The majority of websites designed for small business clients tend to stay pretty much the same for far too long. I always design websites that have the flexibility and scalability to grow with relative ease, but it is understandable that small business, and even some larger ones, have limited time and budget to revisit their site design, layout and content as often as they should. Here are my top five website revisions that small business websites would benefit from the most:

1. Replace stock photos with real photos

Time and budget constraints usually determine the need for stock images for most of my small business clients in the initial design and development. I do my best to choose stock that does not look like stock, but there is no substitute for good quality, authentic photography. The web is by nature impersonal, and the more you give visitors a real sense of who you are, where you are and what you do, the more relatable and credible you will seem to them.

2. Improve your most popular pages

After a website has been up for a while it is easy to see how web traffic flows and which pages on the site are the most popular. It is worth revisiting those popular pages to tweak the layout, add rich content, or create bolder calls-to-action to improve the usability, productiveness and conversion on those pages.

3. Add illustration, motion and video

A slider usually in the masthead (example) is a great add-on to an existing website. It creates some interesting motion and gives you the opportunity to deliver a few key messages right away. Diagrams, static or animated, are great visuals that explain your service, product or process to your audience without having them read excessively. Videos, whether a general introduction, a specific ‘how-to’, or a client testimonial, are super attention-grabbers.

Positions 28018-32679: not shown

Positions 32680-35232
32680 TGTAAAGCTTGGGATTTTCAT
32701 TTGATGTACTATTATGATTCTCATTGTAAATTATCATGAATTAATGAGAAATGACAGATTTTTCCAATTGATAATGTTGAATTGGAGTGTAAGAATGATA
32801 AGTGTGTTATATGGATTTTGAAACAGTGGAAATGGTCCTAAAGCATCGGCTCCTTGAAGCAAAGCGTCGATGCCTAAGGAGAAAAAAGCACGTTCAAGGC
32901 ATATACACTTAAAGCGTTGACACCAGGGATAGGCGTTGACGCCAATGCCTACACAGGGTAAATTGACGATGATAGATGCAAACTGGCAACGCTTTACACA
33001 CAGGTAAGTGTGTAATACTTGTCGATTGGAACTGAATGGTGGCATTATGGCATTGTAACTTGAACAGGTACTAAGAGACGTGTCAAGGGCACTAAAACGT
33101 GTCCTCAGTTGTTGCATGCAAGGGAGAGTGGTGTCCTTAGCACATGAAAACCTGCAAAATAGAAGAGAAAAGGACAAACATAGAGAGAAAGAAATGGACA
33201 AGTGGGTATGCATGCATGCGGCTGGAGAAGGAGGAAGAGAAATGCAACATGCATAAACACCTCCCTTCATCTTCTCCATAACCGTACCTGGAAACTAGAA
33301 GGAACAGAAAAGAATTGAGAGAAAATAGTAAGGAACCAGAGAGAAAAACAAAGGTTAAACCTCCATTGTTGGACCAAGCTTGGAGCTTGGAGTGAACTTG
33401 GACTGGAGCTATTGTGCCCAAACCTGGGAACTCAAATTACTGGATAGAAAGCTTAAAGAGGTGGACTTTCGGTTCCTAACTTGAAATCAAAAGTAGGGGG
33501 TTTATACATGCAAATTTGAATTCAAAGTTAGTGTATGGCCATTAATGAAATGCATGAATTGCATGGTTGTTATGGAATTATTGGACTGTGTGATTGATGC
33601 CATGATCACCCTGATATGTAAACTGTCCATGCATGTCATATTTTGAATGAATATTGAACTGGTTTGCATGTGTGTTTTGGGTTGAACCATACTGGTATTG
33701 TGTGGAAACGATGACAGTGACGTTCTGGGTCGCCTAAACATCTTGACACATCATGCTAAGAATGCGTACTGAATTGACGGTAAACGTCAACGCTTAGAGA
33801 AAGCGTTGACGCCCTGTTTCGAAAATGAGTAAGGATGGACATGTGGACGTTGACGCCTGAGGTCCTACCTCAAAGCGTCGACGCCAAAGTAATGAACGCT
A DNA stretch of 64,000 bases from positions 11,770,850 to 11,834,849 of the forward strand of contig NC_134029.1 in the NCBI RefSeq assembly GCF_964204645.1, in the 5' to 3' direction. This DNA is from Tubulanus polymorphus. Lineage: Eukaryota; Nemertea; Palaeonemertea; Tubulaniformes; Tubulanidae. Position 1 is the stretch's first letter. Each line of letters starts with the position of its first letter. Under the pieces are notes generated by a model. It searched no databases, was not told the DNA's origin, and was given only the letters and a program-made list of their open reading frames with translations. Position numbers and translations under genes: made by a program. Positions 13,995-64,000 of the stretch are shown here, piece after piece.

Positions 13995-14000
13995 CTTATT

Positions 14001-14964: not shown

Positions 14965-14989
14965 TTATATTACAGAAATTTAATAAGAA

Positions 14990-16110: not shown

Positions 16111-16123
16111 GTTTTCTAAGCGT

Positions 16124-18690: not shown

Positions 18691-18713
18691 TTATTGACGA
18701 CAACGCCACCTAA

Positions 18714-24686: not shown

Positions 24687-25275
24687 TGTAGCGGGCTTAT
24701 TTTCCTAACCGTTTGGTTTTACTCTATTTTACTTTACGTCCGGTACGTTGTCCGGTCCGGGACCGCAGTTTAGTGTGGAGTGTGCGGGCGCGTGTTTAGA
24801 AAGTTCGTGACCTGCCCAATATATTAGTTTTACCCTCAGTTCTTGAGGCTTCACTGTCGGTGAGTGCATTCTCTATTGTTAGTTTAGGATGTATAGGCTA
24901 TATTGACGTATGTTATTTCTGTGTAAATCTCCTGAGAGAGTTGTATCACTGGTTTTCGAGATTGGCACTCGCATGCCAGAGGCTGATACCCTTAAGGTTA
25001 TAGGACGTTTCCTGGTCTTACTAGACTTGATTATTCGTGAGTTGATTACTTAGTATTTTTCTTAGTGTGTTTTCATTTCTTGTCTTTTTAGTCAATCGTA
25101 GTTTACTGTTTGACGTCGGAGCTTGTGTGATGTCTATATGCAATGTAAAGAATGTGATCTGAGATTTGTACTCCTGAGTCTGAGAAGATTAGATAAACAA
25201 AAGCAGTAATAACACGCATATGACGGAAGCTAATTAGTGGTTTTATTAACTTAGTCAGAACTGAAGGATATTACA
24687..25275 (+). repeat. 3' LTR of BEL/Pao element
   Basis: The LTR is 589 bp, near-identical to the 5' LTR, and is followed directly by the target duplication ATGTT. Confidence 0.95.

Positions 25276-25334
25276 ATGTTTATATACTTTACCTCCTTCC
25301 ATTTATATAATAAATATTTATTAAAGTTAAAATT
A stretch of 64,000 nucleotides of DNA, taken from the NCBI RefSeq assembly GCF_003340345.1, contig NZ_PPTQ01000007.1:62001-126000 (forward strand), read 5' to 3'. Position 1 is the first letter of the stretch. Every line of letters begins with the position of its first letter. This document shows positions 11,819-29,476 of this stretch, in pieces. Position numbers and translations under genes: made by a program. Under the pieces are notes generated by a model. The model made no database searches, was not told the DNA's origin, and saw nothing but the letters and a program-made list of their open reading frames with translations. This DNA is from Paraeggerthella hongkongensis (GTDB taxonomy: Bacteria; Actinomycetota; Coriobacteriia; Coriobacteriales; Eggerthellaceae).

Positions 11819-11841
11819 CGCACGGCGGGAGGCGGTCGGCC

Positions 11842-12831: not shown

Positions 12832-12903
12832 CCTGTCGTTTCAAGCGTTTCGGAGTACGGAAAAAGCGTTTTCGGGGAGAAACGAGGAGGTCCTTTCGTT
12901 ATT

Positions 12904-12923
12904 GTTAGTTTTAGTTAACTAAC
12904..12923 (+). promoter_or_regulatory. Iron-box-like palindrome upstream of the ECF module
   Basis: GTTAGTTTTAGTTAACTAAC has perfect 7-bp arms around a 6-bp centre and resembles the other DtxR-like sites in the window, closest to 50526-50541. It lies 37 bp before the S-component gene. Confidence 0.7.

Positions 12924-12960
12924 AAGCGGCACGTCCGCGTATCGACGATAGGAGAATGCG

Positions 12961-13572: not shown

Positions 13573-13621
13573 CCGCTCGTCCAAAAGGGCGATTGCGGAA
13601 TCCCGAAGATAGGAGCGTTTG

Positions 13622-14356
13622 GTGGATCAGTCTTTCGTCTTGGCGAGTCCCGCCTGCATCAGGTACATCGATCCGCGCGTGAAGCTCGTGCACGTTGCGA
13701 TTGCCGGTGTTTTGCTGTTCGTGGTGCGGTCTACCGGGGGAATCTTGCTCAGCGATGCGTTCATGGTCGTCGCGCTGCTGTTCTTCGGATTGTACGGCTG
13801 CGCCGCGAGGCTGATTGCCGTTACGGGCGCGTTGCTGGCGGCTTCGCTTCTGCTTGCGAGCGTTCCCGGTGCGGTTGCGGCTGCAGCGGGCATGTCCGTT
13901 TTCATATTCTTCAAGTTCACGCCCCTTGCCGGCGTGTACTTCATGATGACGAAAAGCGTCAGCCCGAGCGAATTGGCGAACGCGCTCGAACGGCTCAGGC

4. Add  drop down navigation and mega menus

Since most first launch small business websites start off with just ten to twenty pages, a drop down navigation is not necessary and can even look silly if the site is too shallow. But if the website has grown over time, adding a drop down makes sense for usability and even to help you look more substantial. Mega menus (example) are another great advance and give you added space to promote your messages right up front.

5. Add credibility cues

My colleague, Rob Swick, introduced me to this term many years ago and it remains one of my favorites. A credibility cue is anything that conveys to your audience a sense that you are professional and trustworthy. Good web design itself is a credibility cue, but so are testimonials, reviews, client logos, awards, associations, and for e-commerce websites, a security logo like VeriSign or eTrust logo is a must.